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Modeling Soil Organic Carbon Dynamics, Carbon Sequestration, and the Climate Benefit of Sequestration
  • Carlos Sierra,
  • Susan E Crow
Carlos Sierra
Max Planck Institute for Biogeochemistry

Corresponding Author:csierra@bgc-jena.mpg.de

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Susan E Crow
University of Hawaii at Manoa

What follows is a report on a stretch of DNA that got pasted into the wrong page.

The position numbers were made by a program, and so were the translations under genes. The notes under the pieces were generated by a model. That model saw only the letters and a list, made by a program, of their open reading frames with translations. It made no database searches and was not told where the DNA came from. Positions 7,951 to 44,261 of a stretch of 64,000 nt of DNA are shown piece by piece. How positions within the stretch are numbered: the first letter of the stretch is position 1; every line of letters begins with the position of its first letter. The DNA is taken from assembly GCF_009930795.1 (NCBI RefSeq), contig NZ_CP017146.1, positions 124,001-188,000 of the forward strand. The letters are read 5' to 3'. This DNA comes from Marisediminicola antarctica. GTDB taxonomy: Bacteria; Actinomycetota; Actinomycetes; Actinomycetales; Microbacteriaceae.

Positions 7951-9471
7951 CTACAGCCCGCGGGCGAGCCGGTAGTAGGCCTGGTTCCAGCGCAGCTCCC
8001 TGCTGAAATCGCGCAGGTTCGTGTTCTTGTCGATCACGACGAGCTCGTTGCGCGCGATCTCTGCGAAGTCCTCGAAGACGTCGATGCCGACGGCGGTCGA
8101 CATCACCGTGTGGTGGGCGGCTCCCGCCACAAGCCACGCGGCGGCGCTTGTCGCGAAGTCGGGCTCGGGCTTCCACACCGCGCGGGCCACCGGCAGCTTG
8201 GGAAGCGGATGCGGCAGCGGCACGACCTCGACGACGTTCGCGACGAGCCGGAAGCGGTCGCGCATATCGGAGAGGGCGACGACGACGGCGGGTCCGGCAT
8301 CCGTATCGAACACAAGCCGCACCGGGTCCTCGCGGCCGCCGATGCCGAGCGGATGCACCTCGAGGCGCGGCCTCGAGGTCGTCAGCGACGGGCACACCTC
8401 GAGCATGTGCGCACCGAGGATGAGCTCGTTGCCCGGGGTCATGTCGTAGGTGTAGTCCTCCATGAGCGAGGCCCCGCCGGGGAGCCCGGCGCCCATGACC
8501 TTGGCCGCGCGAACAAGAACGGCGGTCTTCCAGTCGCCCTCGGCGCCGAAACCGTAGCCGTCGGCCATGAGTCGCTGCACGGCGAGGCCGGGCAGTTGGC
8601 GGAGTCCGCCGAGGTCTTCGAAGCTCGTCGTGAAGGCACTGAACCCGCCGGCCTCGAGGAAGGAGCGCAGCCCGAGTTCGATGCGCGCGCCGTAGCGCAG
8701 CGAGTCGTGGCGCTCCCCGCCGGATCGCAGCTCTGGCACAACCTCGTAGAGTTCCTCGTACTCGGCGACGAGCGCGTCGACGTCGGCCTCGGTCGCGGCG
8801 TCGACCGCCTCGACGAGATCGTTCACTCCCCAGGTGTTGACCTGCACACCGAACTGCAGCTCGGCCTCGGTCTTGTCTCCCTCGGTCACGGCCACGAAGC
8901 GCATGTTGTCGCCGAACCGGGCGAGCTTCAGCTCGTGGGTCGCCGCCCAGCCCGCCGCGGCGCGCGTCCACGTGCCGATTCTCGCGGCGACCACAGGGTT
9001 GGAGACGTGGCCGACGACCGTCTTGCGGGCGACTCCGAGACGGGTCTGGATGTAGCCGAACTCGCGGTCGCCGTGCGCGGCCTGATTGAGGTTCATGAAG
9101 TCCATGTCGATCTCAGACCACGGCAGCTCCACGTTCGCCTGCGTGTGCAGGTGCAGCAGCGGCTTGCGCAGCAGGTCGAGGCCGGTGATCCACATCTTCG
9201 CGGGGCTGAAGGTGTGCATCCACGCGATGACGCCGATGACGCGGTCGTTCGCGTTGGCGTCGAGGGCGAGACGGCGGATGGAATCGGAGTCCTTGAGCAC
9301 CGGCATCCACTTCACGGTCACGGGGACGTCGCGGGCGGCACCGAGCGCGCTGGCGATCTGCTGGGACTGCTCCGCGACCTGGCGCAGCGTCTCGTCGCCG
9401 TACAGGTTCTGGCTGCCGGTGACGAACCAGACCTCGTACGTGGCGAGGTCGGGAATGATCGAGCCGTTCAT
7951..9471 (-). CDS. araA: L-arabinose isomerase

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Mathematical models are essential for integrating different processes that control rates of soil C dynamics and for assessing C sequestration and related climate benefits. Many models have been proposed in the literature to predict C stocks and fluxes, with no overall consensus on the best model that can provide relevant insights at a large range of scales and for multiple questions. We reviewed general groups of models with their expected ranges of application. We also reviewed recent advances in using models of any level of detail to compute C sequestration, and the climate benefit of C sequestration. Using agricultural soils from Sweden and Hawai‘i as examples, we show that new C inputs to the soil do not remain for long timescales, and only small proportions are stabilized. Although soils are a promising reservoir to store C and mediate emissions, long timescales are required to store amounts of C of relevance to mitigate climate change. The magnitude of climate benefit to mitigate warming through soil C sequestration is less than that of avoiding direct emissions, however, remains an important component of climate change mitigation and adaptation portfolios. Beyond the direct warming mitigation benefits, improved soil health through soil organic matter aggradation brings many co-benefits to the environment and local comunities. Improved production practices and locally sourced food and energy feedstocks are associated directly with avoided emissions elsewhere in the food and energy system.